In Chapter 12 “The Drive for Exports,” Hazlitt talks about the exceeding need of countries for countries to export their goods to facilitate equal distribution of expenditures and earnings. This means the higher are exports, the greater the should be imports to achieve balance (Hazlitt 69). The principle is not much different from what is occurring in domestic trade, as every business must sell something to have the purchasing power to buy.
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The issue of lending is raised in this context as it is concerned with establishing relations between sellers and buyers. The solution that the author proposes implies increasing the number of loans made to foreign countries because even though not all of them get repaid, nations are still better off for having made them because they enhance the export abilities. However, it is essential to note that one should consider both the advantages and disadvantages of giving a loan because it is impossible to prosper by making bad ones.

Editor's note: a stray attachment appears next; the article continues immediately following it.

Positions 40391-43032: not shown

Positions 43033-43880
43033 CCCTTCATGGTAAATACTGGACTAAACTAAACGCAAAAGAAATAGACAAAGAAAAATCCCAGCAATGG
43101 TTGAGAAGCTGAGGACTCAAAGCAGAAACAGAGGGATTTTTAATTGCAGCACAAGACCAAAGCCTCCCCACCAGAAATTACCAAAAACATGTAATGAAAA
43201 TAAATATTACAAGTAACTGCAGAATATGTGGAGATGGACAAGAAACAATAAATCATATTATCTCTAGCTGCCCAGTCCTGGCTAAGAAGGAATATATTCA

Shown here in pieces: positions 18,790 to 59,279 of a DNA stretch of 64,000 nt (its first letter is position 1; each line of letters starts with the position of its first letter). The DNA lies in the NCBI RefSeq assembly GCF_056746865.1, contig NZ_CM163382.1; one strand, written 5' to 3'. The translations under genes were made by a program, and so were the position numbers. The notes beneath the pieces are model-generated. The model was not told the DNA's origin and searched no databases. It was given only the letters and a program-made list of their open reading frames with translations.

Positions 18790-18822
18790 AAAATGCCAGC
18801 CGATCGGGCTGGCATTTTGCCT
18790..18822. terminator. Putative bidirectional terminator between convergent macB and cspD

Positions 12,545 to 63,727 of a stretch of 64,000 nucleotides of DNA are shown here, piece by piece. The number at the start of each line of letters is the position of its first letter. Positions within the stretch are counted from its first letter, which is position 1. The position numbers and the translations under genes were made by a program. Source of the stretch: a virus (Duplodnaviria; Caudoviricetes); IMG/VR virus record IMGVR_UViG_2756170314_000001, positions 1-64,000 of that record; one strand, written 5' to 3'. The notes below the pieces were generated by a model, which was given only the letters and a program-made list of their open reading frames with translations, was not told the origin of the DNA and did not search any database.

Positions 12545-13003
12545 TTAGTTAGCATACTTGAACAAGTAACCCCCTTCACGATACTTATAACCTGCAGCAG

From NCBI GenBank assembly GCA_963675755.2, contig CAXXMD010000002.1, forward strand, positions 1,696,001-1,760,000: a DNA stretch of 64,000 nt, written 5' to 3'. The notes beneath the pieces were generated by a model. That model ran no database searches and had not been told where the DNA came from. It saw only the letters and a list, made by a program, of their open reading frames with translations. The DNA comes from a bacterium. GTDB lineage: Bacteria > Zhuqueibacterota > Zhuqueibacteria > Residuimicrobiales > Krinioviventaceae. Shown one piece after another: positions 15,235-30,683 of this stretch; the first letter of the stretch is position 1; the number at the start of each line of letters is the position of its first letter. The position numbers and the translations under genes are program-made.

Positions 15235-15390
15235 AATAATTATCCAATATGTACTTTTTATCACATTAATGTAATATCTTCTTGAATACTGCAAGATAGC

One can agree with the fact that countries can prosper when they give loans that result in being outright gifts to foreign countries, which means that it is insufficient to give away resources that could have been used for other purposes. Both export subsidies and bad loans are examples of the error of lowing only at the immediate effect of a policy on exports (Hazlitt 71). The author’s proposal to have patience and intelligence to consider the long-term impact of policy. These effects are imperative to review not only in terms of the implications for foreign but also domestic affairs. It is essential to understand that foreign loans affect local businesses, which is why bad loans should be approached with caution.
Hazlitt, Henry. Economic in One Lesson. Ludwig von Mises Institute, 2008.